Early in 2000, the Smithsonian Museum of American History announced… it would assist in the production of an epic film about the American Revolution starring Mel Gibson. Historians, history buffs, and living historians were further enticed by the original script detailing the exploits of “Swamp Fox” Francis Marion. Disappointment with “The Patriot” started early, as producers ordered a substantial rewrite of the script after researching the complex life of Marion. Apparently, a slave-owning Indian fighter cannot be heroic in a major Hollywood production. Gibson instead portrays an anachronism- a South Carolina plantation owner who allows free blacks to work his land; a rebel torn between his family and the American cause.
Cute kids mask bad movie
It’s as if a group of impressionable, idealistic college sophomores… sat down and scripted the American Revolution “as it should have been.” Young women stand up and chastise their elders in town meetings, slaves struggle for freedom in the deepest parts of South Carolina, and the evil imperialist British forces commit mass murder similar to the Oradour-sur-Glane massacre of 1944. There’s plenty of speechifying, Gibson’s slow boiling, hunky Heath Ledger, and adorable children- but the film is woefully short on history. Couldn’t the Smithsonian have advised on more than just costuming? Gibson’s rage is incapable of overwhelming such a careless script (the same script that compares British soldiers to Nazis.) The Hollywood community doesn’t have the courage to make a film about the complexities of American history. We are either preached to with politically correct drivel like “Dances with Wolves,” or insulted with comic-book nonsense like this monstrosity.
1776 or 1944?
The British defeat at Saratoga…in October of 1777 was clearly the turning point of the Revolutionary War. The surrender of an entire British army finally brought the French recognition and aid the Americans desperately needed. The defeat also put tremendous pressure on the administration of Lord North and its failing war policies. What is often overlooked is how close the war came to ending following Burgoyne’s surrender. Just days before Saratoga, Washington’s army had launched a surprise attack on Sir William Howe’s army near the sleepy village of Germantown, Penna. Two crushing defeats, nearly on top of one another, would have surely spelled the end of the North ministry. His replacement would have pursued resolution.
Fighting an increasingly unpopular war
The British forces and Germantown never expected… Washington’s bold stroke. Just three weeks earlier, the redcoats routed the Americans at Brandywine, the largest battle of the war. British commander Sir William Howe was not expecting an attack as his forces rested on the outskirts of Germantown. The battle that occurred on October 4, 1777 could have helped end the Revolution…..The British survived:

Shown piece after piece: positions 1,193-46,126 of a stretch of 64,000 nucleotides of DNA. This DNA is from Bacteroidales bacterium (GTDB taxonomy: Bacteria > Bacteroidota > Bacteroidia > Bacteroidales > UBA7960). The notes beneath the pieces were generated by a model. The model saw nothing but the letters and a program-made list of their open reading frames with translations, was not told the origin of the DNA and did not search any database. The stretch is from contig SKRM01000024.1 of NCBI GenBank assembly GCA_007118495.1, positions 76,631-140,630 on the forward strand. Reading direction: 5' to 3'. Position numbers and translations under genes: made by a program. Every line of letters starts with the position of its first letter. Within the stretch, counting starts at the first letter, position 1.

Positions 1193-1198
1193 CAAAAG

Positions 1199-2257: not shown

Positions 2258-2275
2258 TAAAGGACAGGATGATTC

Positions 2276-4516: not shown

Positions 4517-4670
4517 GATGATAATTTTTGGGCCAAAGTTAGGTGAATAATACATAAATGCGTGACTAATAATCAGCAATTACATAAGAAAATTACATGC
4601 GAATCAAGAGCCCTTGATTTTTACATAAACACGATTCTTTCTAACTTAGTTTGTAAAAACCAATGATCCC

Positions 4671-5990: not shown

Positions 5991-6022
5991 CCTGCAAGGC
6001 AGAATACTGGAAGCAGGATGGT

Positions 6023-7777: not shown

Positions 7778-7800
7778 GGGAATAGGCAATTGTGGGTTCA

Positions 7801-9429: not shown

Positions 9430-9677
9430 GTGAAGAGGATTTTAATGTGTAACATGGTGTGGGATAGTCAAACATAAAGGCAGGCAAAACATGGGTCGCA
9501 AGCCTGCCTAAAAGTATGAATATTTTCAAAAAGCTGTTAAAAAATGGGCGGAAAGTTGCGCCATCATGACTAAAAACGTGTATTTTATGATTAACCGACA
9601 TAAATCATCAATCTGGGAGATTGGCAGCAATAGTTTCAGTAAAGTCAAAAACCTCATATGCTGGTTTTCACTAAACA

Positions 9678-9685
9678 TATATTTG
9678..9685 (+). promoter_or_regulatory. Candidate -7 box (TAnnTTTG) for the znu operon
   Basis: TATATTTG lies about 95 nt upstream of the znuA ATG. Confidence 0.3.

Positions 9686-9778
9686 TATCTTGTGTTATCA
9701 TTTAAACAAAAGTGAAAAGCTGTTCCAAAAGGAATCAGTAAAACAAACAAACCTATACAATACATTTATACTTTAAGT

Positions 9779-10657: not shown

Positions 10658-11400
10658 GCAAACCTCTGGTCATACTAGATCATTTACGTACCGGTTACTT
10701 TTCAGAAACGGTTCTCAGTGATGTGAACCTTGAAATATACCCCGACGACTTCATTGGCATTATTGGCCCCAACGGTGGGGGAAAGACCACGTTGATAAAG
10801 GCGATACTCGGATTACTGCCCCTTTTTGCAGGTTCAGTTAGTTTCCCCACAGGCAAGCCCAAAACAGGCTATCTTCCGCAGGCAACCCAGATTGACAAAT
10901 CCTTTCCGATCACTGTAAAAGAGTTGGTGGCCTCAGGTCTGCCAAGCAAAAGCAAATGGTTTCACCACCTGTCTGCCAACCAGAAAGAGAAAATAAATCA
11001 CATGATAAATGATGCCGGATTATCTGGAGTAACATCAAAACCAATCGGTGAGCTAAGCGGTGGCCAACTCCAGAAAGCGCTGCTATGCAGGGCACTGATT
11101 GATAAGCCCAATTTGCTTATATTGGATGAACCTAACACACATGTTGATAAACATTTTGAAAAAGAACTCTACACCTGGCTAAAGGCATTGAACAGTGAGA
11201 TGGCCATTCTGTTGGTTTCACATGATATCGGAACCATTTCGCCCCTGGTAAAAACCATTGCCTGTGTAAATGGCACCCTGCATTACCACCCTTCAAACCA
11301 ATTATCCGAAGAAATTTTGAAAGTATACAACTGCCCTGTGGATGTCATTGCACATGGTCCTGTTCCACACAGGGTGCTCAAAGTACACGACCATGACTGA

British stubbornly defend the Chew House
- Fog blanketed much of the field that morning, obscuring vital marching routes and confusing commanders on both sides.
- Washington’s plans were complex, too complex for his poorly trained army. His forces had to advance 16 miles on a night march in four separate columns. Orders were confused, troops became lost, and the attacks were not coordinated.
- At a pivotal moment early in the fighting, General Howe personally rallied his retreating troops, and was nearly killed by American artillery.
- Significant confusion led to a destructive round of friendly fire, which forced Washington’s men to disengage at the British center.
- British reinforcements were able to exploit the American disorder and drive the Continentals from the field.
Washington’s audacity at Germantown… attacking a numerically superior foe, just weeks after suffering a serious defeat, did not go unnoticed in Europe. The French were every bit as impressed by Washington’s near victory in Pennsylvania, as they were by the British surrender in New York.
The mythology surrounding Lexington and Concord often obscure the history… of the events of April 19, 1775. General Thomas Gage tried to put the day’s events into perspective for his anxious superiors across the Atlantic. Gage knew too well that this was not going to be a suppression of “farmers with pitchforks.”
every hill, fence, and house
“…a continual skirmish for the space of 15 miles, receiving fire from every hill, fence, house, barn, etc.. the whole country was assembled in arms with surprising expedition, and several thousand are now assembled about this town threatening to attack…and we are very busy making preparations to oppose them.” Gage to Earl of Dartmouth, April 1775
Ageing leads to reflection… 42 years have passed and reflection reveals a life devoted to the study of history. A career in education has shown how rare academic commitment can be…. all I have ever wanted to do is history. These books inspired, taught, and frustrated me along the journey. ..
Civil War chess master
- American Heritage History of the Civil War-Narrative by Bruce Catton. Little more than a coffee table dust collector in most homes, the copy in my parents’ home was well worn. Richly illustrated with historic photos and informative maps, it was the perfect introductory course in Civil War studies. Luckily, video game consoles weren’t available during the early days spent reading Catton’s crystal clear prose.